Forget all that other trash. This is the real deal.
Even as The Lone Ranger and Man of Steel shook our faith in popcorn movies to the very core, there was sanctuary on our living room couches in what’s turning into the golden age of television. As Walter White’s life imploded, or as Don Draper broke his daughter’s heart, or as the Stark lineage shrank before our very eyes, our favorite characters’ misery gave us unprecedented joy in 2013. But it wasn’t all darkness and heartache: there was the triumphant return of Arrested Development and Eastbound and Down and plenty of laughs with goofy new kid on the block, Brooklyn
Thanksgiving is upon us, America. I used to think of Thanksgiving as the holiday sandwiched between Halloween and Christmas. Sure, there’s a great dinner in there, but it doesn’t have the taboo overtones of Halloween, nor does it have the gleeful anticipation that surrounds Christmas. Thanksgiving is centered on an enormous supper with family. Its practice is, ideally, wholesome (even if its storied origin may not be, but that’s a tale for another time). Over the past few years, I’ve come to appreciate Thanksgiving in its own right. It’s a time of reflection – a time to be thankful for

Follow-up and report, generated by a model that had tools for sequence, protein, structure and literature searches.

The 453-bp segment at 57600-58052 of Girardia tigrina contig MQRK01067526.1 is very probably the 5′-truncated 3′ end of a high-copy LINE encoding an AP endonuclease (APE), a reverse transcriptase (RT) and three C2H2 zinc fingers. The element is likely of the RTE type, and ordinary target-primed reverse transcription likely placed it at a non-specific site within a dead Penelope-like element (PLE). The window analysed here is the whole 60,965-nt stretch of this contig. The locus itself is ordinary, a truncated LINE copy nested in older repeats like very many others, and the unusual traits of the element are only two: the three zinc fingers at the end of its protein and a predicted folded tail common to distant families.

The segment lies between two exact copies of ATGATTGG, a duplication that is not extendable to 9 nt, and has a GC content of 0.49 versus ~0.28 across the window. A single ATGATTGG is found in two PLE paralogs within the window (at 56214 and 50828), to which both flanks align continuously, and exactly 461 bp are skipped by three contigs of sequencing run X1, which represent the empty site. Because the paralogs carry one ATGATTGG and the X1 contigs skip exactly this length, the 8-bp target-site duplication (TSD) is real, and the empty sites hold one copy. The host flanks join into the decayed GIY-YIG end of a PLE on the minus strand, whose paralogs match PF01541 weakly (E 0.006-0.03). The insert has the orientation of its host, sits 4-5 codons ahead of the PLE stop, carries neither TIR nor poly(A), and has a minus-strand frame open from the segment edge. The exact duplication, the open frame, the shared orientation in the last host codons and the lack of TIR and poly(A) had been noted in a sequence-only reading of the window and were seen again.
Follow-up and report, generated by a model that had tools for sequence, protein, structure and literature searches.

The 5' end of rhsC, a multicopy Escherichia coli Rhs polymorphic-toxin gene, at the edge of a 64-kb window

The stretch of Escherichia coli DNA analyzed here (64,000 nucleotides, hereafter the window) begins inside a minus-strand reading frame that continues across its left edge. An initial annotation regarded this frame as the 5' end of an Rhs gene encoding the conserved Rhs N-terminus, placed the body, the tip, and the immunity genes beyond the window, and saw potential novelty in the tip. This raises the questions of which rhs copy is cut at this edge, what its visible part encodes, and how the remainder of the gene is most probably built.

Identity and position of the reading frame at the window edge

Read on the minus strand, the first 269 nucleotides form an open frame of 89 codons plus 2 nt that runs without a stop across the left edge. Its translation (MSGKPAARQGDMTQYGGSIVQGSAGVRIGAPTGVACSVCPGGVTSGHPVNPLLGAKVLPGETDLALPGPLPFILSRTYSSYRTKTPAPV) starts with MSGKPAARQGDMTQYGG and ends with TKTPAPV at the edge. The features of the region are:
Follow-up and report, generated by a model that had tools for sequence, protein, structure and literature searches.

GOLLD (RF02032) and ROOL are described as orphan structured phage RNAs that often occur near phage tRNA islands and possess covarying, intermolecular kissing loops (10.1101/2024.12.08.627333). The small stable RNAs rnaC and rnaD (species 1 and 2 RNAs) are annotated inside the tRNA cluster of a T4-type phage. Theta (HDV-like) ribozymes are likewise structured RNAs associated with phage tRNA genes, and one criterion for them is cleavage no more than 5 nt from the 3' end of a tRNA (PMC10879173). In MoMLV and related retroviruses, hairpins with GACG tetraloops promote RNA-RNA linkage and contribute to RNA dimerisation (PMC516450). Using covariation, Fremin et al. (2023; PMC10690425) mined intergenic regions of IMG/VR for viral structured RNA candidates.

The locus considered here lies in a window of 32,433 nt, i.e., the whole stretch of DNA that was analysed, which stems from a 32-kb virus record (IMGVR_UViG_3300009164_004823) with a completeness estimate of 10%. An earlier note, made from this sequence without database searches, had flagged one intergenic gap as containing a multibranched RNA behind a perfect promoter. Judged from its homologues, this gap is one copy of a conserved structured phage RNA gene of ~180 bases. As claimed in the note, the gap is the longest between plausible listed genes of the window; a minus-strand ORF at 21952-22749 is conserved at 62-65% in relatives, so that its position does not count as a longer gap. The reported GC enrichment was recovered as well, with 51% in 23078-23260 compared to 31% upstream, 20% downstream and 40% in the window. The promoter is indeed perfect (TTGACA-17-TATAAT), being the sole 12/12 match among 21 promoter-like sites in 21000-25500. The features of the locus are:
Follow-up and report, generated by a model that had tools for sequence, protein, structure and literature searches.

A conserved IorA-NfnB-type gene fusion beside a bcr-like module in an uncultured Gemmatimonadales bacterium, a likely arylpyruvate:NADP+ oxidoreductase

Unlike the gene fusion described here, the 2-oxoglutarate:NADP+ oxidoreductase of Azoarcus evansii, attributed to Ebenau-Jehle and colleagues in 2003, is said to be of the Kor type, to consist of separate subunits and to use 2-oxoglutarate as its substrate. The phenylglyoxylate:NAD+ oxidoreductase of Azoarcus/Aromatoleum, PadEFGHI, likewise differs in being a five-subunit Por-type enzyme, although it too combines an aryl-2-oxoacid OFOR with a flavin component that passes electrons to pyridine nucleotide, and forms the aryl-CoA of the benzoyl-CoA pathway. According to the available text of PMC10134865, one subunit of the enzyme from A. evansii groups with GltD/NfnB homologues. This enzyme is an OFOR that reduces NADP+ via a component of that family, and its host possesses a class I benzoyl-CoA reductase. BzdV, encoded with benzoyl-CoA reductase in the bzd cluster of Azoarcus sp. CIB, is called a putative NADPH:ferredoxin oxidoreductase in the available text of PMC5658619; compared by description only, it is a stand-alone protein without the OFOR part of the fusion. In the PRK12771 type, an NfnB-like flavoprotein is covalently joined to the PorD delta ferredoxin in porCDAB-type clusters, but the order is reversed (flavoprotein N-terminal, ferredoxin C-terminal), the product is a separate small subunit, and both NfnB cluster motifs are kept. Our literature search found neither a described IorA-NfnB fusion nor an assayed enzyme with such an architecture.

I grew up flying around Metropolis with my good buddy Superman. My parents introduced him to me when I was five. His movie was on TV and they taped it for me. I proceeded to spend all my afternoons and weekends with him, fighting crime and exploring the universe. We were always on a quest. Sometimes it was a simple quest, a quest for justice. Someone had been wronged and we were off to right it. Our quests for truth were more complex. We had to set aside our super speed and heat vision and use our powers of deduction
Video Store Week begins with Chris Dahlen obsessively taping every Doctor Who episode he can find.
The Doctor attends a funeral.